When I was in fourth grade my sisters and I were talking about what we wanted to be when we grew up. I knew right away. My super cool aunt who lived with us during medical school was (and is) a pediatrician at the Mayo Clinic. She also loved board games, had really great hair and was married to my super-crafty, musical uncle, who I adored. "I want to be a pediatrician," I said. My mom overheard us talking and said, "Laura, if you want to be a doctor when you grow up, you're going to need to get much better grades." Of course she was right. Doctors have a rigorous school path to manage and they need to be smart and capable. But as a fourth grader in my fifth year of a really crappy Chicago Public School education, I hadn't ever been exposed to any kind of academic rigor. I had no idea if I was smart or not.
I don't blame my mother for the fact that I'm not a doctor. I am sure she barely remembers that comment and she was likely just trying to steer me in the right direction for my future. But I think about that defining moment ALL THE TIME. What if I had never made that decision to not follow the doctor dream in fourth grade? What if I hadn't absorbed that message? Maybe I would have taken a wholly different path. And maybe I would still have ended up being a yoga teacher (a job that I wouldn't change for anything, by the way.)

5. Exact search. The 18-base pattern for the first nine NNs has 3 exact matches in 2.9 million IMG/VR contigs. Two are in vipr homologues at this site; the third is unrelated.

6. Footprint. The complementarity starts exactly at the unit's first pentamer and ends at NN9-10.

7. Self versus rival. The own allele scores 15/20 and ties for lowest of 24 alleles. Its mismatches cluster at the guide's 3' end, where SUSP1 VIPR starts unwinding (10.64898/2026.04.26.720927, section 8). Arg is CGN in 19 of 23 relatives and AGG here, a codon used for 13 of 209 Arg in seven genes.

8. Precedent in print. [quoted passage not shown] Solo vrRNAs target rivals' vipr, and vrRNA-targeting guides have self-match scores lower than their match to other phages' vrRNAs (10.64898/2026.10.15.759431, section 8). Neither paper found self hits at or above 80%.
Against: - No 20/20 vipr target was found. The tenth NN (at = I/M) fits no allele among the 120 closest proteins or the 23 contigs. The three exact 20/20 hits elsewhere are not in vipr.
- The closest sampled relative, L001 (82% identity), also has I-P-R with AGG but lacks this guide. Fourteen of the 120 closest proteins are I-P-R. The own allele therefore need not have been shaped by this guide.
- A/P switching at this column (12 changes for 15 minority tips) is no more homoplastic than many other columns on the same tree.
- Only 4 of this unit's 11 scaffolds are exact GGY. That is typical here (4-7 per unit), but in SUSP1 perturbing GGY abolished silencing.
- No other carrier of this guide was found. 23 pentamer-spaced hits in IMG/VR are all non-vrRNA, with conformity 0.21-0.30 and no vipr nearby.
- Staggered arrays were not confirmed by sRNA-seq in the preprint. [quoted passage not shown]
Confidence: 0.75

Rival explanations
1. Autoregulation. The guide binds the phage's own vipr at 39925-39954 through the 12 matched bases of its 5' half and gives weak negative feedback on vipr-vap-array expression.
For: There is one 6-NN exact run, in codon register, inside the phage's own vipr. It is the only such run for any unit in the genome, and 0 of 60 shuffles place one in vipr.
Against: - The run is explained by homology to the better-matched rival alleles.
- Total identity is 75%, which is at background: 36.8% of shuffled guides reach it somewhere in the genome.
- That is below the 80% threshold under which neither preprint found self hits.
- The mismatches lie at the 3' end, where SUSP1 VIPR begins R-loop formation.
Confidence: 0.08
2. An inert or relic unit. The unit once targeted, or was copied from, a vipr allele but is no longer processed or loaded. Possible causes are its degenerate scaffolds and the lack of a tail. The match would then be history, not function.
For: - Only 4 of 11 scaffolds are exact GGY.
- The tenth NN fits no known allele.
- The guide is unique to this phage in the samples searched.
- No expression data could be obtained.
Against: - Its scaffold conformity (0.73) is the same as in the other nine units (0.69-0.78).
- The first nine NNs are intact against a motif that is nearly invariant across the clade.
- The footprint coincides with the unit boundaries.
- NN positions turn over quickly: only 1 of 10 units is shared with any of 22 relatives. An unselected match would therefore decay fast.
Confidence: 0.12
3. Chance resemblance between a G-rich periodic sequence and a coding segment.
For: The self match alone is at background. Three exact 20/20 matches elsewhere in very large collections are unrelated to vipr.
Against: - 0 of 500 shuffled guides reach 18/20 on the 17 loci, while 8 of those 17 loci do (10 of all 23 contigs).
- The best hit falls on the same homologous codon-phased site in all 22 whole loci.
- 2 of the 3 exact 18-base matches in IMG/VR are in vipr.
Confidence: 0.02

A few weeks ago, I was talking to a yoga student about running. She told me that she'd never been a runner but had recently been inspired to run a half-marathon. "That's way out of my league," I told her "My max is six miles. I could never do a half-marathon."
Two weeks later, yesterday, the same student came in with a copy of her training sheet for me. "I was so shocked to hear you say you could never do a half-marathon," the student said, handing me the 10-weeks to 13.1 miles training sheet. "You of all people who tell us all the time what we can do." And she's right. I tell students every day to really be open to new things their bodies can do, that just this simple act in Yoga will open up other paths too. It can be big or small-- touching your forehead in standing head-to-knee pose or just breathing calmly in Savasana. It can be telling your boss how you really feel or just asking for a new cubby at work.
It's so insidious-- the self-doubt that surrounds us, lives within us. It's a constant effort to stay open to new ideas about ourselves. I went home last night and ran 3 miles, the shortest run on the training sheet, and today I woke up and ran 3 miles again. Tomorrow, according to the sheet, I get a break. This weekend I have to run 5 miles I think. I don't know if I'll actually run an official race in ten weeks, but I'm going to do the training. It's true. I'm not a doctor but maybe I'll run a half-marathon!